Gaskell Blog © Katherine C.
The moorland had its little creeping scented rose, its straggling honeysuckle, and an abundance of yellow cistus; and here and there a gray rock cropped out of the ground, and over it the yellow stone-crop and scarlet-leaved crane’s-bill grew luxuriantly.
Certain flowers have always carried a meaning but it was the Victorian’s who really developed the language of flowers as a way to express their feelings; let’s take a closer look at the flowers Mrs. Gaskell mentions in this excerpt.
Creeping Scented Rose
Flower Meanings: happiness (pink); purity (white)
Known as the prickly rose or rosa acicularis, these wild roses of Northern Europe are usually shades of white or pink.
Flower Meaning: Bond of Love & I Love You
Honeysuckles have a sweet scent and fruit, which attracts birds. They range in colors from shades of white, yellow, red, and pink.
An Abundance of Yellow Cistus
Flower Meaning: Imminent Death
Often called the rock rose, they tend to grow in rocky areas with poor soil. The petals are white, pink, or purplish. The halimium, related to the cistus is what Gaskell is referring too, it’s been a seperate species since the 18th century, but looks almost identical to the cistus. Halimium is almost always yellow.
Flower Meaning: None Available
Generally this flower has five petals. It’s latin name is sedum and it’s leaves retain water (succulent leaves). It’s very hardy and able to survive many kinds of climates and conditions. So while I was unable to find an official meaning perhaps it could be ‘survival’ and ‘determination.’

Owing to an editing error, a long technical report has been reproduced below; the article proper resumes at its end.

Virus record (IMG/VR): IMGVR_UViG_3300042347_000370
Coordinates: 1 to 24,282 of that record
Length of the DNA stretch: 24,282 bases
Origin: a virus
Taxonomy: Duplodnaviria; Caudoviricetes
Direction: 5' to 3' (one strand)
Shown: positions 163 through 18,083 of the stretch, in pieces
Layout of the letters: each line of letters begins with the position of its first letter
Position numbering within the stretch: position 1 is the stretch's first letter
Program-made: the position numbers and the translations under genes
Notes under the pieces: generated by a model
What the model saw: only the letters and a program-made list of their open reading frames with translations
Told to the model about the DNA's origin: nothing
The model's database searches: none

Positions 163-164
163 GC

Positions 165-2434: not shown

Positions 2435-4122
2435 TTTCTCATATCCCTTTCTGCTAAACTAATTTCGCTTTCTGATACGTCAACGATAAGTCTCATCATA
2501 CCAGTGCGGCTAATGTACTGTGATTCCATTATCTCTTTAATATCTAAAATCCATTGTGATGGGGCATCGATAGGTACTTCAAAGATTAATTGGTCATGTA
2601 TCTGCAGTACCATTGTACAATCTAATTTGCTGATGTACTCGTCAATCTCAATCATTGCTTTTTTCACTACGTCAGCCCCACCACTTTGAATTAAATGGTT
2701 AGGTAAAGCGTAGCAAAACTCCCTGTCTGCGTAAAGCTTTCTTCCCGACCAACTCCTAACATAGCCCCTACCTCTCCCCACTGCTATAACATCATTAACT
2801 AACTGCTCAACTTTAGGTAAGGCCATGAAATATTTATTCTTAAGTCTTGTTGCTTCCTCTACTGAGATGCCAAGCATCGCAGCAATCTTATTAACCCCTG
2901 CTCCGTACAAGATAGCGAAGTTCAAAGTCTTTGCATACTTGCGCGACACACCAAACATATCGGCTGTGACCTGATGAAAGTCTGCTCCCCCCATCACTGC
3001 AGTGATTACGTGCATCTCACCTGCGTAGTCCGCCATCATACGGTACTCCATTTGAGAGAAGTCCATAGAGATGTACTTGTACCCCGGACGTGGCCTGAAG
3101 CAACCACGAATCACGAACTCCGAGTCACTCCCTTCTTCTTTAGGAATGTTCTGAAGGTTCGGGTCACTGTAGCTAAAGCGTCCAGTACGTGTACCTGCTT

Flower Meanings: True Friend, Stupidity, Folly, & Meeting
A ‘crane’s-bill’ is a Geranium, the name comes from the Greek word ‘geranos’ which means crane and the seed-heads have the same shape as the bill of a crane, hence it’s nickname.
“About Honeysuckle.” About Honeysuckle. N.p., n.d. Web. 29 Dec. 2010. <http://www.abouthoneysuckle.com>.
“Cistaceae : Symbolism.” 1000s of Museums Online : MuseumStuff.com. N.p., n.d. Web. 29 Dec. 2010. <http://www.museumstuff.com/learn/topics/Cistaceae::sub::Symbolism>.
“Evaluation of Rockrose (Cistus spp. and Halimium spp.) for Western Oregon | Department of Horticulture Home Page.” Department of Horticulture Home Page | Home. N.p., n.d. Web. 29 Dec. 2010. <http://hort.oregonstate.edu/eco_land/turf_management/northwest_plant_evaluations/cistus-halimium>.
“Flower Symbols and Meanings.” Living Arts Originals. N.p., n.d. Web. 29 Dec. 2010. <www.livingartsoriginals.com/infoflowersymbolism.html>.